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What's Up Magazine

Train Your Brain: Exercise for Mental Health

Jan 10, 2011 08:15PM ● By Cate Reynolds

As a young woman, Mary Sherman always knew where to find her glasses: the last place she put them. But as she ages, remembering that “last place” is becoming more and more difficult. “Now, I tell myself, ‘I put my glasses right there,’ when I set them down,” the Millersville resident says. “It helps me remember.”

For the past several years, Sherman, 62, has incorporated brain exercises like verbal reminders, crossword puzzles, and even video games into her daily life to keep her mind fresh.

She’s not alone. For decades, people have stimulated their brains with everything from listening to classical music to brushing their teeth with the opposite hand. Yet recent studies show specific mental exercises are crucial when it comes to maintaining memory and keeping the brain fit.


The brain is like the body’s control center. Weighing only three pounds, the brain manages everything from thoughts and memory to speech and movement. When it’s healthy, it works quickly and is able to adapt. But as people age, so does the brain.

Simply put, “dementia” is a sign of the wear and tear on the brain and it is used as an umbrella term to describe diseases such as Alzheimer’s that cause memory loss and other cognitive problems. Almost half the population will have some degree of dementia by the time they are 80 years old, with Alzheimer’s and strokes as the most common causes.

There is hope for the aging brain, however, and it is found through mental exercise. Even in its senior years, the brain can grow new neurons. And throughout life, people can build what neurologists call a “cognitive reserve”—the brain’s ability to cope with brain injury.

A long-running study, begun in 1986, observed Roman Catholic nuns ages 75 to 106 to determine the causes and prevention of Alzheimer’s disease, other brain diseases, and the mental and physical disability associated with old age. It found that the more educated nuns had fewer symptoms of cognitive decline and memory problems. It also found that nuns who had higher language skills had decreased risk for developing dementia.

In this case, the old adage rings true: If you don’t use it, you lose it.

Similar studies have shown people with college degrees have lower rates of Alzheimer’s disease. Those with college degrees who do get Alzheimer’s display fewer symptoms than those without degrees.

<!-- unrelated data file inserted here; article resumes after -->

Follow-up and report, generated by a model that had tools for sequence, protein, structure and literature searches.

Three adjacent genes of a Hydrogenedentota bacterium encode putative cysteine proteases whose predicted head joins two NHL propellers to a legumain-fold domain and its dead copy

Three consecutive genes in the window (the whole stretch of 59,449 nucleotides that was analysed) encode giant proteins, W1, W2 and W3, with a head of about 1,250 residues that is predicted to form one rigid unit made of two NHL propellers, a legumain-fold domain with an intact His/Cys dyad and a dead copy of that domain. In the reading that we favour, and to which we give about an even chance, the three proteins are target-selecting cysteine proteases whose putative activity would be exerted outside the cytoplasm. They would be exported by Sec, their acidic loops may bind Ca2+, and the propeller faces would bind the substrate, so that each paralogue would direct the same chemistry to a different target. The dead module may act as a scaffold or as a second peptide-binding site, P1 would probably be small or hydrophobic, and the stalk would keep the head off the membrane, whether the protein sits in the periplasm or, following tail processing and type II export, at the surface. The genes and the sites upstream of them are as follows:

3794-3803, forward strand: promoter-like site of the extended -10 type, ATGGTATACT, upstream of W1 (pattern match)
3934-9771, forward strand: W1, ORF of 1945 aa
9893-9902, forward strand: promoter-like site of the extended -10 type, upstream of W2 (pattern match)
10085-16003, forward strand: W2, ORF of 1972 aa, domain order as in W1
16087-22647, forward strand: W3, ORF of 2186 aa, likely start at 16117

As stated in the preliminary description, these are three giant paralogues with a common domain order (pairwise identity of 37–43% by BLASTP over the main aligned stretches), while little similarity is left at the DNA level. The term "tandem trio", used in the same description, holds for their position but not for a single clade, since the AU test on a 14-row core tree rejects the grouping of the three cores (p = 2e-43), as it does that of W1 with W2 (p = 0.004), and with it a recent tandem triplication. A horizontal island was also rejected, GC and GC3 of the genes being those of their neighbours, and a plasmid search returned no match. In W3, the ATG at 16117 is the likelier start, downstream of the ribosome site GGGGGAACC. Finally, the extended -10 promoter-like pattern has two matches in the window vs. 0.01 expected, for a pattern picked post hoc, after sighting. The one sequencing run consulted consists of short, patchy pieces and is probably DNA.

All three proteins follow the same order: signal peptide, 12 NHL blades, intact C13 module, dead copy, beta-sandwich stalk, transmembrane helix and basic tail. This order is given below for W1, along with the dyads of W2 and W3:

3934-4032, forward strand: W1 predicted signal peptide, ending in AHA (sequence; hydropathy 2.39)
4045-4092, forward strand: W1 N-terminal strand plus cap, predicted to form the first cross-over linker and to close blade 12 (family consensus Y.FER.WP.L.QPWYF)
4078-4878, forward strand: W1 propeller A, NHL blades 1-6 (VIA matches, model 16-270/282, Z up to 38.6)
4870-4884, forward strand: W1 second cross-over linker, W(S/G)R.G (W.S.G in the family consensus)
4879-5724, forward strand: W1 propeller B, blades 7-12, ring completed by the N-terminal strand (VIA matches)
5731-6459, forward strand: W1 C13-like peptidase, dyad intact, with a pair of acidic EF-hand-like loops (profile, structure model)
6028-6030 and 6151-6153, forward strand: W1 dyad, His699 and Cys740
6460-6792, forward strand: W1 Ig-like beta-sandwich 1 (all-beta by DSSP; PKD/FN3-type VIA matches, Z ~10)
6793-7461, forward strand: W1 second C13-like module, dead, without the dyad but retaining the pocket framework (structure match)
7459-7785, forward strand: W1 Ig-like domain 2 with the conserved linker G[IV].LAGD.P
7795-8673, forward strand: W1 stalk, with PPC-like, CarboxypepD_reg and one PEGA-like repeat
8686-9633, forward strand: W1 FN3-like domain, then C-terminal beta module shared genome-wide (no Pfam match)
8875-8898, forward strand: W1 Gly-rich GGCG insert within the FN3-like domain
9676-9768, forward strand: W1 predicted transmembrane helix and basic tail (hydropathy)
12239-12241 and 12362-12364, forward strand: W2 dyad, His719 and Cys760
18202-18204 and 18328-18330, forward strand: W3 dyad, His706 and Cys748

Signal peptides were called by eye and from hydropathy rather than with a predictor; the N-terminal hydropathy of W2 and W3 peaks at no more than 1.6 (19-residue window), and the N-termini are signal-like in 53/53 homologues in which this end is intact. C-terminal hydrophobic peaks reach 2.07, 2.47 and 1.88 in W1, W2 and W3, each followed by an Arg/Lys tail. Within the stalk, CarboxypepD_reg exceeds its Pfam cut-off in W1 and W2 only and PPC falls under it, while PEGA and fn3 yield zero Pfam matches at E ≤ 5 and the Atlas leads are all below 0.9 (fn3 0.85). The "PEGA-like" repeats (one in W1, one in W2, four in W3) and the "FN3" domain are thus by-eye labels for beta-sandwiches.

Numerous studies have shown physical exercise like brisk walking and swimming can help prevent dementia by reducing the risk of stroke and increasing blood flow to the brain. But the benefits of mental exercise can be harder to quantify.

For instance, a recent study found that the Internet might actually make people smarter, possibly building up cognitive reserve. UCLA scientists found Internet searching uses neural circuitry that’s not activated during reading but, interestingly, only in those with prior Internet experience. MRI results showed close to three times more brain activity in regular Internet searchers than those using it for the first time.

Other studies suggest people can cut their chance of developing dementia in half if they participate in stimulating leisure activities. Examples include:

• Working crossword, Sudoku, or jigsaw puzzles
• Learning a new language
• Playing musical instruments
• Playing chess
• Taking on crafting projects such as scrapbooking, working with modeling clay, quilting, sewing,  and needlework
• Playing card games
• Playing strategy-based video games

Additionally, most interactive video game console systems have mental exercise programs that incorporate math problems, reading comprehension, and memory skills, as well as physical exercise programs that people of all ages can play.

Mary Sherman’s favorite video game is the Nintendo DS Brain Age. “I’m not very good with math, so it really challenges me,” she says. “I find I also have to use my brain to figure out exactly what it is I’m supposed to do. That is a challenge in itself.”

Regardless of the method, neurologists say it’s important to maintain a variety of mentally stimulating activities throughout life. Your brain will thank you for it.

Allison Eatough is a freelance writer and former Annapolis resident. She would like to thank Neurologists Dr. Daniel Hexter and Dr. Sangjin Oh for their expertise and “brain power,” which contributed to the story.


Mayo Clinic researchers recently interviewed 1,300 people between the ages of 70 and 89. Of that group, 197 individuals had mild cognitive impairment and 1,124 were cognitively normal. Both groups answered questions about their activities within the past year and when they were between 50 and 65 years old.

The study found that reading books, playing games, participating in computer activities, and working on craft projects led to a 30 to 50 percent decrease in the risk of developing mild cognitive impairment. Additionally, individuals who participated in social activities and read magazines during middle age were about 40 percent less likely to develop mild cognitive impairment than those who did not participate in those activities.

We are delighted to do our part. 

10 steps to an optimal memory

Harvard Medical School has published a handy little list of behaviors to help us enhance or maintain our recall. Here are its 10 suggestions:

• Exercise
• Keep learning
• Don’t smoke
• Drink alcohol only in moderation
• Maintain a healthy diet
• Consider taking vitamins
• Get a good night’s sleep
• Be social
• Manage stress
• Protect your brain from impacts and toxins

For more information or a complete list of publications and resources available from Harvard Health Publications, visit


––Sarah Hagerty